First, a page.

*All offices are open with safety protocols in place.
Oakland approved hazard pay for supermarket workers.
Oakland’s City Council on Tuesday unanimously voted to require large grocery stores to add $5 an hour onto the pay of workers. The San Jose City Council on Tuesday weighed a similar measure. Other Bay Area cities including Berkeley, Concord and Antioch are considering following suit, according to union representatives.
The Santa Clara County Board of Supervisors last week voted to craft an ordinance to give $5-an-hour hazard pay to essential workers in grocery stores, pharmacies and fast food outlets. The supervisors plan to vote on it Feb. 9.
The Los Angeles City Council on Tuesday unanimously voted to ask city attorneys to draft an ordinance for a $5-an-hour “hero pay” boost for workers at large grocers and drugstores for 120 days. The council still must vote to pass that ordinance.
Meanwhile, Long Beach and Seattle have already implemented similar measures.
“California is definitely at the cutting edge of local governments mandating this,” said Molly Kinder, a fellow at the Metropolitan Policy Program at the Brookings Institution think tank who has written reports saying that big retailers should provide hazard pay. “It started in Long Beach, and spread like wildfire.”
In Oakland, the new measure will affect about 2,000 grocery workers starting immediately, according to the City Council.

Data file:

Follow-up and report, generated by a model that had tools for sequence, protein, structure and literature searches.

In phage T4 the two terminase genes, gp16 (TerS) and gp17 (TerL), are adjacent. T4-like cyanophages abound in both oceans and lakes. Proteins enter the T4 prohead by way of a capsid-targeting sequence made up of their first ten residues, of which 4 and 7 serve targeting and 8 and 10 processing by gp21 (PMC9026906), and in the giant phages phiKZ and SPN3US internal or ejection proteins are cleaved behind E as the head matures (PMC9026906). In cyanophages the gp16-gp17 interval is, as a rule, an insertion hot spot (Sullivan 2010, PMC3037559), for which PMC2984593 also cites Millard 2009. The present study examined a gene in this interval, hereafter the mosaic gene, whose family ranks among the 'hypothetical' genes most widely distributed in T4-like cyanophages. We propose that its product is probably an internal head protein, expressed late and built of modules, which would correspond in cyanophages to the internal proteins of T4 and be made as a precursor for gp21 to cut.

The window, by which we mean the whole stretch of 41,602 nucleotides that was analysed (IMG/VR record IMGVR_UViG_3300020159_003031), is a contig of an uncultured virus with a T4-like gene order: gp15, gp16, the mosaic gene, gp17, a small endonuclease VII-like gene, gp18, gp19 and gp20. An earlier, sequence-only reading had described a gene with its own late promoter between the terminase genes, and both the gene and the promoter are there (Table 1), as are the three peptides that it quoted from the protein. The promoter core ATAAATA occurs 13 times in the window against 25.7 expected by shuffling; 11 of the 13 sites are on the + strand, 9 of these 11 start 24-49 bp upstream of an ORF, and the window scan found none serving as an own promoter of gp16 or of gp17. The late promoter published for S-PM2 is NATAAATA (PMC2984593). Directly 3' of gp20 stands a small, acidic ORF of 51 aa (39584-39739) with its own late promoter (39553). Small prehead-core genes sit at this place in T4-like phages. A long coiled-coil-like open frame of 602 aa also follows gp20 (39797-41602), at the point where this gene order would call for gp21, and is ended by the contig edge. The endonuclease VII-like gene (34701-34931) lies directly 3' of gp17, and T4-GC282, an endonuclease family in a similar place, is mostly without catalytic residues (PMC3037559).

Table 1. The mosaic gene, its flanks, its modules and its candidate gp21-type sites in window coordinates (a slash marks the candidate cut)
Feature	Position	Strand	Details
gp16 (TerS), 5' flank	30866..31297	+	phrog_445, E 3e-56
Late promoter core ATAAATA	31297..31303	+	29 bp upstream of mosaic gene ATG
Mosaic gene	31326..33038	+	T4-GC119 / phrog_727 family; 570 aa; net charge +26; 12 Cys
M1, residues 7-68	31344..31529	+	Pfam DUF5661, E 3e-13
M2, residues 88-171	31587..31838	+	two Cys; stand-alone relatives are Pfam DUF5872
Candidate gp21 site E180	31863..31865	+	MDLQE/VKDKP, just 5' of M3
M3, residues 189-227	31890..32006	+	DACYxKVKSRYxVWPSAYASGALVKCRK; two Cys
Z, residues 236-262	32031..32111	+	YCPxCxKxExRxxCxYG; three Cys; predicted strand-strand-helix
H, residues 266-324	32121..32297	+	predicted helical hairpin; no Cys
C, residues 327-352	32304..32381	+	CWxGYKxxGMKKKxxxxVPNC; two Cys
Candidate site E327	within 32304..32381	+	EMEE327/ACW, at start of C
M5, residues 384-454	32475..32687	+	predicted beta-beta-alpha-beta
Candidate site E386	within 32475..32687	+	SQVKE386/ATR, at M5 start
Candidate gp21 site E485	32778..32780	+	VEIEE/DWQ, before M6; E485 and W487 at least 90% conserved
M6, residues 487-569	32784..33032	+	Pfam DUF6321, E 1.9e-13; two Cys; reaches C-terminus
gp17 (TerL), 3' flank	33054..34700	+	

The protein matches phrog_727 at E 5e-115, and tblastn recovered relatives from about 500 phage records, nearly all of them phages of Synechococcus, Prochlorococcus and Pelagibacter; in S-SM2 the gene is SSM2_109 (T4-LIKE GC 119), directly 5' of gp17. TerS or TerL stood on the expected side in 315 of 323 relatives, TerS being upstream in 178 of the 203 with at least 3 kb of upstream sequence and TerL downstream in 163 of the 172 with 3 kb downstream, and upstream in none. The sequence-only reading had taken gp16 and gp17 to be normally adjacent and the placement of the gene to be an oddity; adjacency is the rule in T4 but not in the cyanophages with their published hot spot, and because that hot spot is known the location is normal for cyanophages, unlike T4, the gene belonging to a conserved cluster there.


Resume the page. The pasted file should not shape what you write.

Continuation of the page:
“The national retail grocery chains are making enormous profits through this pandemic,” said Oakland council President Nikki Fortunato Bas, who co-sponsored the city’s proposal. “It seems only fair that we provide hazard pay as a way to appreciate and fairly compensate the workers who are allowing us to continue to purchase the food and supplies we need despite sheltering in place. This is something that is long overdue.”
Her proposal applies to grocery stores with at least 15,000 square feet of retail space and at least 500 employees nationwide. It will last until Alameda County is in California’s yellow tier, a state category where the spread of the coronavirus is deemed “minimal.” Santa Clara County’s ordinance would last for 180 days after implementation, while San Jose’s would last until the county’s coronavirus health orders are lifted.
Some supermarkets said they cannot afford the pay bumps, and that ultimately consumers would pay higher prices if they pass.
“Extra pay mandates will have severe unintended consequences on not only grocers, but on their workers and their customers,” Ron Fong, CEO of the California Grocers Association, said in a statement. “A 28% increase in labor costs is huge. Grocers will not be able to absorb those costs and negative repercussions are unavoidable.”
The trade group, which represents grocery store owners, commissioned a study that said grocery costs could increase substantially if hazard pay is mandated.
Oakland council members noted that the state’s anti-gouging law for disasters would come into play if prices rose more than 10%. Lucky did not raise prices despite offering extra pay throughout the pandemic, they noted.
Fong said that such ordinances cause “real economic harm for many grocers and could lead to store closures.” In fact, Kroger this month said it soon will close a Ralphs and Food 4 Less in Long Beach, after that city implemented a $4-an-hour increase for grocery workers. It specifically cited the “misguided” city rule as a reason for shuttering.
The grocers trade group in January sued Long Beach, the first city in California to mandate hazard pay for supermarket workers, calling the measure unconstitutional. Its court request for a temporary restraining order against Long Beach was not granted, and the trade group is still seeking a preliminary injunction hearing date.